• 8. Cardinal Virtues Prudence ~ being able to work out what is good and bad about one’s practical affairs. Practical wisdom / Common sense! Justice ~ The ability to judge situations and others and oneself and to relate to them. Courage ~ To be able to keep the mean between cowardice and recklessness. Temperance ~ Self control and awareness. To know that you are neither insensitive nor self indulgent.
  • 9. Pros and Cons of Virtue Ethics “ Virtue is about being not doing.” What do you think this means? Apply to these people… Pros Cons Makes people consider basic virtues. Creates a culture of mediorcrity (could be a con.) Does not put enough emphasis on the consequence of situations. Ignores situation. Too optimistic / idealistic Are vices not sometimes necessary?
  • 10. Situation Ethics I an Joseph Fletcher, (1905-1991 ) an American philosopher who pioneered the idea of situation ethics in my 1966 book, ‘situation ethics.’ I was a strong Christian and a member of the Episcopalian Church of the USA. I felt disheartened by what appeared to be a failing legal system based on ethical systems that were imposed upon the people. Although I wanted to change the way we looked at ethics, I did not want to do away with laws all together. Key word: antinomianism ~a total abandonment of all rules and principals. Love is the single principle of situation ethics. Fletcher argues that by going into every situation armed with your own experiences and beliefs, one could still make mistakes. But if you go into every situation prepared to cast aside your experiences and beliefs for the outcome of love, you will make the right decision.
  • 11. Situation ethics is based on Jesus’ teachings… Greater lov has no man than this. That a man lay down his life for his friend (John 15:13) And this his comanment, that we shoule believe in the name of his son Jesus Christ, and love one another just as he has commanded ys to. (1John 3:22) You shall love the lord your god with all your heart, and with all your soul, and with all your strength and your mind; and your neighbour as yourself (Luke 10:27)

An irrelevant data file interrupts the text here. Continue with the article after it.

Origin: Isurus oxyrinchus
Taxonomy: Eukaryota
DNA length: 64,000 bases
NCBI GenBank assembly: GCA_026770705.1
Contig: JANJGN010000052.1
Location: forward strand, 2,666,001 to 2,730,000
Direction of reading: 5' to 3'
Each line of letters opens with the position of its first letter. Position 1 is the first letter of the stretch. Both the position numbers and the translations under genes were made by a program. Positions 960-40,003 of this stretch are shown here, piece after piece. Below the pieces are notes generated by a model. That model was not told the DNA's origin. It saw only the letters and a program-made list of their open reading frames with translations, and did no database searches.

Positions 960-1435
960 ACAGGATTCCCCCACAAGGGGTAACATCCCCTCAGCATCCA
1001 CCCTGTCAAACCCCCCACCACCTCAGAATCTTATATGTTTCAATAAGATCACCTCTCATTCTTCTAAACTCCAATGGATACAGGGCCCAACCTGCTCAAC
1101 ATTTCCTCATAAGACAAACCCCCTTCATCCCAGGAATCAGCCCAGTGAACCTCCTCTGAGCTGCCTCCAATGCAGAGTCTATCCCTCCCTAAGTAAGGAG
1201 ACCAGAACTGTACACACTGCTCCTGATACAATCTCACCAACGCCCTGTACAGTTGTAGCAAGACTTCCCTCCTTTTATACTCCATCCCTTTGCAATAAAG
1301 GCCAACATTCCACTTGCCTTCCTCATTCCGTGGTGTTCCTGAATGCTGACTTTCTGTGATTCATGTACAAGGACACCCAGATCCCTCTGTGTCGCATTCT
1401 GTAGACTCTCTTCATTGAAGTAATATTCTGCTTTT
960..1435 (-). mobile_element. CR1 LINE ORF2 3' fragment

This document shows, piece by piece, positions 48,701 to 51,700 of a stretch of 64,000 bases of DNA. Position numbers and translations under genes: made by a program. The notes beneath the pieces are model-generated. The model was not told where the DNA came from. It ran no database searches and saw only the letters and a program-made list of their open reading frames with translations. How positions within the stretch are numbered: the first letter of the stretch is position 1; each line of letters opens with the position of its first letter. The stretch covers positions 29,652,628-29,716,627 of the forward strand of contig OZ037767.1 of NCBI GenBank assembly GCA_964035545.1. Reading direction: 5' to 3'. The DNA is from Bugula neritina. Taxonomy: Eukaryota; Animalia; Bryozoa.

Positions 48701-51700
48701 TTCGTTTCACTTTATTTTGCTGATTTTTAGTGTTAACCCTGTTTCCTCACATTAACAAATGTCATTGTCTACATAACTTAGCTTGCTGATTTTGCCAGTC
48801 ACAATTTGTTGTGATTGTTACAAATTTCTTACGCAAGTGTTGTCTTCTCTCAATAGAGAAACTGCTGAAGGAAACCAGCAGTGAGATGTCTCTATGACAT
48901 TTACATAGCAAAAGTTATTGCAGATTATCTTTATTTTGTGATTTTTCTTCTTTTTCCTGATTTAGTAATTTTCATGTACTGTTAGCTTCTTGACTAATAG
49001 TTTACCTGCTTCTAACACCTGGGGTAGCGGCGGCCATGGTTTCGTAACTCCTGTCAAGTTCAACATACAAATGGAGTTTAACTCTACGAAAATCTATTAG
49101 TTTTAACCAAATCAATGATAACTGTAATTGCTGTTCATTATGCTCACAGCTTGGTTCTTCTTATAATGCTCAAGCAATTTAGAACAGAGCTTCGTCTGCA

• 12. Love: The principle of utility Flecther maintained that love was the theory of utility because it could be applied to all situations and will always enable us to achieve the greatest good. He proposed four presumptions of situation ethics which are… Pragmatism ~ that the proposed course of action should work and that it’s success or failure is judged according to the principle. Relativism ~ rejects absolutes such as ‘never’, and ‘always.’ Positivism ~ recognises that love is the most important criteria of all. Personalism ~ demands that people should be put first.
  • 13. Pros and Cons of Situation Ethics Pros Cons Individual cases are judged on their own merits, irrespective of what has been done in similar situations in the past. Individuals are not bound by rules. Nothing is intrinsically wrong and only love is intrinsically right. It is modelled on Jesus and is a Christian ethic. Love seeks the well being of others. To say no rules and then that the only rule is love is a contradiction. Most ethical dilemas have an obvious course of action without having to use situation ethics. It is impossible to make a certain decision about the consequence of an action. The theory justifies terrible things on the basis of love. Can love be evil? Optimistic / idealistic. Do humans need rules and guidelines? Law and love are not mutually exclusive.
  • 14. Apply each of the Natural Law, Virtue Ethics and Situation ethics to this situation… Anna’s married to Dave, They’ve been married 6 months. Until recently, you believed they were very much in love. Anna is an old friend from school. Dave has recently been diagnosed with pneumonia. He will recover but it may take a year or so. Three weeks ago, you introduced Anna to a very good, but recent work friend called Laura. Laura was really kind to you when you started your job and you see her as a very close friend. You have just found out that Anna and Laura are conducting an affair and that Anna is the happiest she has ever been. She wants to tell Dave but feels she should wait until he is better. Compare and contrast the three outcomes. Which do you think is better and why?
  • 15. Abortion Natural Law Virtue ethics Situation ethics